What are we to make of President Barack Obama's latest pronouncements about Iran's movement toward nuclear bombs? His tough talk might have had some influence on Iran a couple of years ago, when he was instead being kinder and gentler with the world's leading terrorist-sponsoring nation. Now his tough talk may only influence this year's election — which may be enough for Obama.
The track record of Barack Obama's pronouncements on a wide range of issues suggests that anything he says is a message written in sand, and easily blown away by the next political winds. Remember the "shovel-ready projects" that would spring into action and jump-start the economy, once the "stimulus" money was available? Obama himself laughed at this idea a year or so later, when it was clear to all that these projects were going nowhere.
Remember how his administration was going to be one with "transparency"? Yet massive spending bills were passed too fast for the Congress itself to have read them. Remember the higher ethics his administration would practice — and yet how his own Secretary of the Treasury was appointed despite his failure to pay his taxes?
If you were an Israeli, how willing would you be to risk your national survival on Obama's promise to stand by your country? If you were a leader of Iran, what would you make of what Obama said, except that an election year might not be the best time to attack Israel?
Members of the Obama administration have been pointing out how hard it would be to destroy Iran's nuclear facilities, now that they have been built deep underground and dispersed.
That would have been something to consider during the time when President Obama was taking leisurely and half-hearted measures to create the appearance of trying to stop the Iranian nuclear program, while vigorously warning Israel not to take military action.
Time was never on our side. The risks go up exponentially the longer we wait. When the Iranian nuclear program was just getting started, it could have been destroyed before it became so big, so dispersed and so deeply dug in underground. Now, if we wait till they actually have nuclear bombs, the same kinds of arguments for inaction will carry even more weight, when the price of an attack on Iran can be the start of a nuclear Holocaust.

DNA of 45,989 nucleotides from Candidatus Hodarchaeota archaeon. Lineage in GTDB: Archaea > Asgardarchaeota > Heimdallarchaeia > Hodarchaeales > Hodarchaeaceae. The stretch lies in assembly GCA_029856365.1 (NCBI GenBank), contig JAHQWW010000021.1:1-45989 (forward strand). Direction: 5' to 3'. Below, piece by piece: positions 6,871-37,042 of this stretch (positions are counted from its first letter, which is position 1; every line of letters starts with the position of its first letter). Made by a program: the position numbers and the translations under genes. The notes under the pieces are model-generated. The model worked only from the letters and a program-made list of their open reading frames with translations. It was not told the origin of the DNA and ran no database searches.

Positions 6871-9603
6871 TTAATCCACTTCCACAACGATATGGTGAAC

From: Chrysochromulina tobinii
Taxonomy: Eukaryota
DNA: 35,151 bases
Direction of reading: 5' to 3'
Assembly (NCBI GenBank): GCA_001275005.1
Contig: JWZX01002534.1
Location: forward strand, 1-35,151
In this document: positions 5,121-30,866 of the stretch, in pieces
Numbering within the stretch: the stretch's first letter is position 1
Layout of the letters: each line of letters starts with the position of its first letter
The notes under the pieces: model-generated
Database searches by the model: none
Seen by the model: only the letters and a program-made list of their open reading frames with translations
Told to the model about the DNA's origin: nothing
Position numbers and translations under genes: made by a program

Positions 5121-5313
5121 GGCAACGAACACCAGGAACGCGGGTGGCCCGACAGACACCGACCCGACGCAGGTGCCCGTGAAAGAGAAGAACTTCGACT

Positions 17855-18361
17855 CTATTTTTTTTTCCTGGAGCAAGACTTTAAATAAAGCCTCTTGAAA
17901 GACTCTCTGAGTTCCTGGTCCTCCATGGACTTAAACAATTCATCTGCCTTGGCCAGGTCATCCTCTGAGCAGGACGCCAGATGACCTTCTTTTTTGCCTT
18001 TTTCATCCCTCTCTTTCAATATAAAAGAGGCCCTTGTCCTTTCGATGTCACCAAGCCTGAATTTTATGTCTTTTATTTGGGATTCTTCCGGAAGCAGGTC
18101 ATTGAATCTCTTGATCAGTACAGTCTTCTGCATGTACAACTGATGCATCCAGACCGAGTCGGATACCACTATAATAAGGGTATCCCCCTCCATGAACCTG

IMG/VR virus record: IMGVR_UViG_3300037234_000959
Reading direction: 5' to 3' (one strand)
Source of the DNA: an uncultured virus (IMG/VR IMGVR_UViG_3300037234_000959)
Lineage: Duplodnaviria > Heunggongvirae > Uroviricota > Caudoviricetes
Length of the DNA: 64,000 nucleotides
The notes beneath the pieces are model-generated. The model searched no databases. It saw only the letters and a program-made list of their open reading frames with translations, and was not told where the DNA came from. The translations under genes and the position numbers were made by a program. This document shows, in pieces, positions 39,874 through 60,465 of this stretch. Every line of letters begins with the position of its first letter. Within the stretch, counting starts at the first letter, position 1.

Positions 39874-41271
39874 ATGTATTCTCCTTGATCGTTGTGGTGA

Nor should we assume that we can remain safe by throwing Israel to the wolves, once the election is over, as might well happen if Obama is re-elected and no longer has any political reasons to pretend to be Israel's friend.
That kind of cynical miscalculation was made by France back in 1938, when it threw its ally, Czechoslovakia, to the wolves by refusing to defend it against Hitler's demands, despite the mutual defense treaty between the two countries. Less than two years later, Hitler's armies were invading France — using, among other things, tanks manufactured in Czechoslovakia.
This was just one of the expedient miscalculations that helped bring on the bloodiest and most destructive war the world has ever known. Dare we repeat such miscalculations in a nuclear age?
At the end of the Second World War, Winston Churchill said, "There never was in all history a war easier to prevent by timely action than the one which has just desolated such great areas of the globe." It might even have been prevented "without the firing of a single shot," Churchill said.
Early in Hitler's career as dictator of Germany, the Western powers — indeed, France alone — had such overwhelming military superiority that an ultimatum to Hitler to stop rearming would have left him little choice but to comply. But the price of stopping him went up as time went by and he kept on rearming.
When Hitler sent troops into the Rhineland in 1936, in defiance of two international treaties, he knew that Germany at that point had nothing that would stop the French army if it moved in. But France was too cautious to act — and caution can be carried to the point where it becomes dangerous, as France discovered when a stronger Germany conquered it in 1940.
Churchill warned, "Do not let us take the course of allowing events to drift along until it is too late." But that is what expediency-minded politicians are always tempted to do.
Thomas Sowell is a senior fellow at the Hoover Institution, Stanford University, Stanford, CA 94305. His website is www.tsowell.com. To find out more about Thomas Sowell and read features by other Creators Syndicate columnists and cartoonists, visit the Creators Syndicate Web page at www.creators.com.